Social anxiety is the intense fear or phobia of social and performance situations and is considered to be a normal part of adolescence. The difference between having a social anxiety experience and having social anxiety disorder (SAD) is that SAD is a lasting emotional state that causes people to have an emotional or physical reaction that is disproportionate to their actual experience. According to recent studies, social media platforms like Instagram have increased the number of cases of social anxiety disorders in teenagers and adolescents.
How do you know if your teen is experiencing SAD? Some of the symptoms include a lack of desire to socialize, being withdrawn, feeling embarrassed or a deep fear of social scrutiny, and nervous habits like fidgeting and hair twirling. Most individuals with social anxiety disorder avoid eye contact, and reveal very little about themselves to their peers, they are often afraid to engage and initiate conversations. Teens suffering from SAD are often mistaken for being shy, which often results in a delayed diagnosis. This disorder can lead to other mental disorders including depression, eating disorders, substance abuse, and even thoughts of suicide.
SAD can stem from many causes including brain structure and living environment. The disorder can also be passed down genetically but recent studies have shown that social media has played a major part in increasing cases of SAD. Sources indicate that 92% of American teens check social media regularly with 24% of them admitting to checking “constantly”. Most teens and tweens use social media more than 6 hours per day. These statistics are true among teens between the ages of 12-19 years old but according to research, 60% of children are already using social media by the age of 10 years old. Social media has had a negative social impact on many of its adolescent users and their self esteem, with a reported %46 percent of teen girls admitting that social media made them feel bad about themselves at some point due to the unrealistic standards it perpetuates.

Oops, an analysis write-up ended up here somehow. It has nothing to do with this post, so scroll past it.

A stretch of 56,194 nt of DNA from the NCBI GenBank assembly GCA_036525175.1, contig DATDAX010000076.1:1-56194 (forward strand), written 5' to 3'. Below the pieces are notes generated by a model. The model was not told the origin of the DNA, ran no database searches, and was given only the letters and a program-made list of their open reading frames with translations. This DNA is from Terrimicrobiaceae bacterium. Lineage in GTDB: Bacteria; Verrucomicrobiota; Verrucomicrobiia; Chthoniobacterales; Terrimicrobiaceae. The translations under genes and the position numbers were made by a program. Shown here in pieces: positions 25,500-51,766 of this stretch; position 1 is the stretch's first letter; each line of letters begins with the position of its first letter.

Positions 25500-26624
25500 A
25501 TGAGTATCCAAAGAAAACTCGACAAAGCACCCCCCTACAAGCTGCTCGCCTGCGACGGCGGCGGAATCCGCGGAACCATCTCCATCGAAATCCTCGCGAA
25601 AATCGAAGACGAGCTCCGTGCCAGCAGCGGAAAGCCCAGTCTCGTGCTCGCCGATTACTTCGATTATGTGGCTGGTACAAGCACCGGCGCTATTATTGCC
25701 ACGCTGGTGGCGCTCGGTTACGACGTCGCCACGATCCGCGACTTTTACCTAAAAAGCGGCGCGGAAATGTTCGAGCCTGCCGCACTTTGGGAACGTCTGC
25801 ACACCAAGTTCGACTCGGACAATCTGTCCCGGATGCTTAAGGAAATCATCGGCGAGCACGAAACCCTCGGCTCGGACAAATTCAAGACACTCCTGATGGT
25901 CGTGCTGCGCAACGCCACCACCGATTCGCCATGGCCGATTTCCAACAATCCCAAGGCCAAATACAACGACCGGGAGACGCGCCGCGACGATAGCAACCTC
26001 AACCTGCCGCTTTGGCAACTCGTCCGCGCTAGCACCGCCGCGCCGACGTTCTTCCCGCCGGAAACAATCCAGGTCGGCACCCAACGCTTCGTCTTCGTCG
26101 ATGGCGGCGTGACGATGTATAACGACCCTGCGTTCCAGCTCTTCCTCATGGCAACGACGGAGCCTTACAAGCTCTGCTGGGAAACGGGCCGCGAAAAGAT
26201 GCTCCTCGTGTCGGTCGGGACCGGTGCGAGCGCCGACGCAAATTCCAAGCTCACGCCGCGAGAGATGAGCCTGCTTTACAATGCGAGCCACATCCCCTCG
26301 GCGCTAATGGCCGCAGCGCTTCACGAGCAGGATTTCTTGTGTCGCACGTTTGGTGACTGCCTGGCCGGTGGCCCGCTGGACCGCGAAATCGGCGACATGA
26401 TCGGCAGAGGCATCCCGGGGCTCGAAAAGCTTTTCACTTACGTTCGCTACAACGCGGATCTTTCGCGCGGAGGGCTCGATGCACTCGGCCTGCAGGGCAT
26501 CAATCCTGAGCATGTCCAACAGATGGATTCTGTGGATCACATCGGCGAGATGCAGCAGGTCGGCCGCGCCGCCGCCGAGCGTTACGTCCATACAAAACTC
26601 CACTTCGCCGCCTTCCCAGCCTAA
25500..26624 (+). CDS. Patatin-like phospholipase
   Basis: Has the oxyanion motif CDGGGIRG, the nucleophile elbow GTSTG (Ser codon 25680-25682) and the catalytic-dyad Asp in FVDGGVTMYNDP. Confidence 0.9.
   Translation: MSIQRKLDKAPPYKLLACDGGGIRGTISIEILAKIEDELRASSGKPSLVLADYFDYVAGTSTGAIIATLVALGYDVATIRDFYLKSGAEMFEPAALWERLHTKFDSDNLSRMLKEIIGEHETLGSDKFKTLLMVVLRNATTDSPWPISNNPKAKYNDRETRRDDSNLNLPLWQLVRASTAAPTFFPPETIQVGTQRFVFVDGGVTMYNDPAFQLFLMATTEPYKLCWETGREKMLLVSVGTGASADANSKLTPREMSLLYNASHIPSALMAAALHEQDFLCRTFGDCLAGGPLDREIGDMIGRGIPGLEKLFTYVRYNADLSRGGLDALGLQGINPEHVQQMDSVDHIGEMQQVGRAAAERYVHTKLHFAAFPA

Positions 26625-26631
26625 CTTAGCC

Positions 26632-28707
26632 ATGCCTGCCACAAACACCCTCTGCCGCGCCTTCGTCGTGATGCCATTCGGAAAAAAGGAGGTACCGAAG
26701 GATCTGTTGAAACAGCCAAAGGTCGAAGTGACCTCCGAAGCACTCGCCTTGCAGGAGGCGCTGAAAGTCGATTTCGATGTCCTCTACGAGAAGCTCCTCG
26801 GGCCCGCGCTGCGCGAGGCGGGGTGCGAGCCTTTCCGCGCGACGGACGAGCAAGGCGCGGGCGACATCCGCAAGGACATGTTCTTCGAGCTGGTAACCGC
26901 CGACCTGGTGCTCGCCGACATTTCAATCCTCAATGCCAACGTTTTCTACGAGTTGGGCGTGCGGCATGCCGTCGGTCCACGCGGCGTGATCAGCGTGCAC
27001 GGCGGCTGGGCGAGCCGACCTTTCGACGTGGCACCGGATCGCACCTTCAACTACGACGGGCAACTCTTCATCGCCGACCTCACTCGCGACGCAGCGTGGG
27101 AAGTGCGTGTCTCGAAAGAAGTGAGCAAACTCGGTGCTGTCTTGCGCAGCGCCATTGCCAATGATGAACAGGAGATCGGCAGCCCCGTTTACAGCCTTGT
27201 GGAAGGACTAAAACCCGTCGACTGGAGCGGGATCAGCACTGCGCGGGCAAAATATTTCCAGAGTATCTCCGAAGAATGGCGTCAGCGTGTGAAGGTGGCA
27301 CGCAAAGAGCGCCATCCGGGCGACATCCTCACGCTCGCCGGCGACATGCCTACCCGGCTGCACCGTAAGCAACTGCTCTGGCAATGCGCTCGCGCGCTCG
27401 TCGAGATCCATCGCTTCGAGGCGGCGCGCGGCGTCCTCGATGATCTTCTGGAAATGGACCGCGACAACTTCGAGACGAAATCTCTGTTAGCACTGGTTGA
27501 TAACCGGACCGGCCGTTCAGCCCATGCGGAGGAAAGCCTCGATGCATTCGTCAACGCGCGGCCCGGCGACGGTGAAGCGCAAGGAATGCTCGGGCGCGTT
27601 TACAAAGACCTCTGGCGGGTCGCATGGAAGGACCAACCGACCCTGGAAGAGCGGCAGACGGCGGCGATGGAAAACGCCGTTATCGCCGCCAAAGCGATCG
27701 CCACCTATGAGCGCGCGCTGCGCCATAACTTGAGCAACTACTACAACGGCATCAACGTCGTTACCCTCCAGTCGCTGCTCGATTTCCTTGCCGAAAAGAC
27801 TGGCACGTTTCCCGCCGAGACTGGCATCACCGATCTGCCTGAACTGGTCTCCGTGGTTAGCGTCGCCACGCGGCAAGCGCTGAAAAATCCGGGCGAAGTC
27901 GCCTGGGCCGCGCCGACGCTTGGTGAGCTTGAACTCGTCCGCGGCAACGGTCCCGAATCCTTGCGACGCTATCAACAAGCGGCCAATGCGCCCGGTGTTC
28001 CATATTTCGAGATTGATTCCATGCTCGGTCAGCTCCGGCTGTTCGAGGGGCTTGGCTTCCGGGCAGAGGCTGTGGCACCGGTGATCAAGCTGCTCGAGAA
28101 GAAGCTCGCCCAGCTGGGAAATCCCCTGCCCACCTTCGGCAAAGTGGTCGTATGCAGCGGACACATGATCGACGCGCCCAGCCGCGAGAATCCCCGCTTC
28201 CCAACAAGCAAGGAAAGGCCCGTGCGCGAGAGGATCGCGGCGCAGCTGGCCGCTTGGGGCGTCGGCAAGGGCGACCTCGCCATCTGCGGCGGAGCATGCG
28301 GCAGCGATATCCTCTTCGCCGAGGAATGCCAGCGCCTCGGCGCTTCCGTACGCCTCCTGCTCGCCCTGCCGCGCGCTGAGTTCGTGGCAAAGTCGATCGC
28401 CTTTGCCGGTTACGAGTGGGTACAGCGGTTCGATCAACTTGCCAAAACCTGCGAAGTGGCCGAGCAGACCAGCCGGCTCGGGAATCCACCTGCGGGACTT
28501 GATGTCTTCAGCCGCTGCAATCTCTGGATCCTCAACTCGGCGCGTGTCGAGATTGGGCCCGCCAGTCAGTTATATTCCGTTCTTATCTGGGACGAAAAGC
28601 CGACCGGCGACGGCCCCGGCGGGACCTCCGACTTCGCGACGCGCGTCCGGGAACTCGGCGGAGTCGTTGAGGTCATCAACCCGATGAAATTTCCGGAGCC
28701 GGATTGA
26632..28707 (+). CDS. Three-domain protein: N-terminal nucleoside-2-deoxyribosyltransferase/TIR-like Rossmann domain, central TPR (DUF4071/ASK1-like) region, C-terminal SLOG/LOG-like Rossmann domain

Teens on social media have become so pre-occupied with their online relationships that their “real” relationships and responsibilities are declining. The accessibility and the immediate ability to control/shift the world’s perception of us has lead many down a path to social media addiction. Social Media addiction and social anxiety disorder are strongly correlated and recent studies indicate that social media addictions can cause social anxiety disorder. Positive feedback in the form of likes or followers is a reward that stimulates the brain and rewards it with (highly addictive) dopamine. Social anxiety related to social media addiction has serious consequences and has even lead to the disruption of sleep, inability to manage weight, and a loss of interest in work or school among adolescents.
So what can be done to manage social anxiety disorder caused by social media addiction? Is there a cure? Rehabilitation and treatment centers for social media inflicted disorders are available in person or online. Studies suggest that cognitive-behavioral therapy and taking a break from social media can help serve as a means of treatment for social anxiety disorders. There is also a support group called Internet Screen Addicts Anonymous , that offers a 12-step realization and recovery program. Teen social media addiction treatment is an available resource that pairs teens with a therapist to help them reduce their use of social media. This program is designed to uncover triggers and underlying issues with self-confidence, feelings of being distracted, and the fear of being negatively judged in social settings. This sort of therapy is commonly overlapped with other treatments including substance abuse and mood disorders. One of the goals of this treatment is to help these teens make connections as they heal, uncover, and prevent further self-detriment. The adolescent years are the most significant years in the foundation of human development, so it is important that SAD and social media addiction are not left untreated.